Newest Member of the Flock


My favorite ewe, Bear, gave birth to little Ashley today. Ashley makes 47 lambs this season, with at least 2 more ewes to lamb.


Mud Season


Levi was playing outside while I was doing chores. Suddenly I heard: “AUNT KEEN!” “AUNT KEEN! HELP!” I look out the window to see this. “What do you need help with?” “I’m stuck! If I try to take a step I’ll lose my boots!” Laughing my ass off I slogged through the mud to the rescue, working hard to not lose my own boots. So relieved to hear there is more rain coming in this week’s weather forecast. Would hate to see our mud become dehydrated.


Good Bye My Little Buddy


Little Buddy showed up today. I don’t know where she has been for the last two days, but she came home to die. Found her laying on the barn floor, low body temp., barely responsive, signs of a massive uterine infection. I knew it was too late to do anything for her at this point, but I tried anyway. Gave her a high-dose shot of penicillin and a shot of banamine for the pain and inflammation. The treatment might have worked if I could have given it to her two days ago, but she was too far gone. Made her as comfortable as I could, and she slipped away. I hate to think what she must have suffered these past 48 hours. Hate to see any animal suffering.

I took this photo last week. She is on the left in the foreground. You can see her aunt and cousins behind her. As you can see, I have other barn cats. But Little Buddy was a real pain in the ass, always sticking her nose into whatever I was doing, getting in the way, trying to wrestle my hand when I wanted to pet her, demanding attention when I was busiest. I am going to miss her so much.


One of my kitties, Little Buddy, has been ready to pop for a couple of weeks now. She showed up at feeding time yesterday with a kitten half-way out of her vagina. The kitten was breech and the portion of its body outside its mama was already dry. Little Buddy acted as if she wasn’t even aware she was in labor. She just wanted her food. I extracted the kitten. Not surprisingly, it was dead. Little Buddy seemed so surprised to see the kitten. She started cleaning it off, even though it was dead. She picked it up and carried it to the communal cat bed, where she seemed to be progressing with her labor. I left for work, assuming there would be no further issues.

When I got to the barn this morning Little Buddy was MIA. This little guy was in the cat bed, chilled, with its dead litter-mate. There was also a small puddle of cloudy, greyish-pink amniotic fluid. I have a feeling something has gone badly wrong with Little Buddy. First things first, I put the kitten in my shirt pocket to warm it. Started looking for Little Buddy. I did not find her. I think she probably went somewhere to die.

I kept the kitten in my pocket while I did chores, hoping its mama would turn up. She did not. I have another mama cat, Trouble, with 6 week old kittens. Tried, unsuccessfully, to convince Trouble to adopt the newborn.

Many years ago I raised a batch of kittens whose mother was hit by a car. Fed them with an eye dropper, kept them in a box with a heating pad next to my bed, wiped their little butts with tissues so they could defecate and urinate. They were a week old when they were orphaned. Three of six of the litter survived to adulthood. And they were never healthy their whole lives. Kittens that young need their mothers.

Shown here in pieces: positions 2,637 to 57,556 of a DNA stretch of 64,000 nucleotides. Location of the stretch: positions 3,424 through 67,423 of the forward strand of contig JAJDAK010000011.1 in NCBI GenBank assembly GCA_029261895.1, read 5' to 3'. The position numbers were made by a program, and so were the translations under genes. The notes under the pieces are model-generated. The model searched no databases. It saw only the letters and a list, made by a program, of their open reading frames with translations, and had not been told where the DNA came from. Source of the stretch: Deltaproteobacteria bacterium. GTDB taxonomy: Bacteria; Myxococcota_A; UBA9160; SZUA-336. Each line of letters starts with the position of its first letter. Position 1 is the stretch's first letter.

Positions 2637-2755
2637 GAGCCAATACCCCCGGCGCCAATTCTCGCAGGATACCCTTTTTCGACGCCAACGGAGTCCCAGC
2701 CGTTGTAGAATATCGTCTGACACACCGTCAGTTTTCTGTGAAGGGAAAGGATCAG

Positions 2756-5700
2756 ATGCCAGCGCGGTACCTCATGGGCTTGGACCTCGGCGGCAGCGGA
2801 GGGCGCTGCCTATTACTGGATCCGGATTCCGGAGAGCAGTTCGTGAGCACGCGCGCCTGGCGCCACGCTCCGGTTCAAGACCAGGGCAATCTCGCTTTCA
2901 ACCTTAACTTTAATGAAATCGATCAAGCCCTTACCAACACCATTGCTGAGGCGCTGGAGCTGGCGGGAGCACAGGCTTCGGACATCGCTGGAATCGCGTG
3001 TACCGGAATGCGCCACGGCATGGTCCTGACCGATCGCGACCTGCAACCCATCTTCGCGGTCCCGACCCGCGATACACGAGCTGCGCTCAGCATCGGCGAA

I considered trying to raise this little guy. I thought about it long and hard. He just didn’t stand a chance. Less than 24 hours old, not even sure if her got any colostrum from his mama before she disappeared. Every time he moved inside my pocket, I could feel his little warmth against my breast, I thought I should at least try. Then I remembered the three kittens who didn’t make it. How long it took for their little lives to ebb away and there wasn’t a damn thing I could do to help. I remembered the 3 who lived and how they were always sick with one thing after another.

He just wouldn’t make it. Hard as it is, there was just no chance for him. I could just put him back in the cat bed and “let nature take its course”, meaning let him die of starvation and hypothermia. I could try keeping him alive with milk replacer until he died a lingering death. Or the third option, which I chose. I filled a bucket with warm water and drowned him. He went quickly and peacefully. No lingering, no suffering. Like going back to the womb. Still, I cried while I did it. It was the best thing, the right thing, but still not an easy thing. I named him Morsel because he was such a tiny little morsel in my pocket all day.


On Tuesday Boop added another member to the flock. Boppit weighed in at 12 lb, bringing our lamb count to 41. We still have 7 ewes who haven’t lambed, but none of them are showing signs that they are bred. I’m thinking we are done for the year. That’s OK with me. I need a break. 41 is a count I can live with. It’s twice as many lambs as we’ve had in a at least 2 years. We had one still-birth and a couple close calls. And 41 strong, healthy lambs, growing fast.

A rough entrance to the world

Monday afternoon Sissy was sheering some of the girls after I finished chores. It was fortunate she was in the barn when Brandy went into labor. Little Brittani was a breech. Sissy had to give Brandy a hand to deliver backwards Brittani. Not only did she come out arse-first, she also had an umbilical hernia. Sissy had to call the vet out to put Brittani’s guts back where they belong and put in a suture to keep them there. Brittani sailed through with with flying colors. She is doing great and Brandy is a great mama.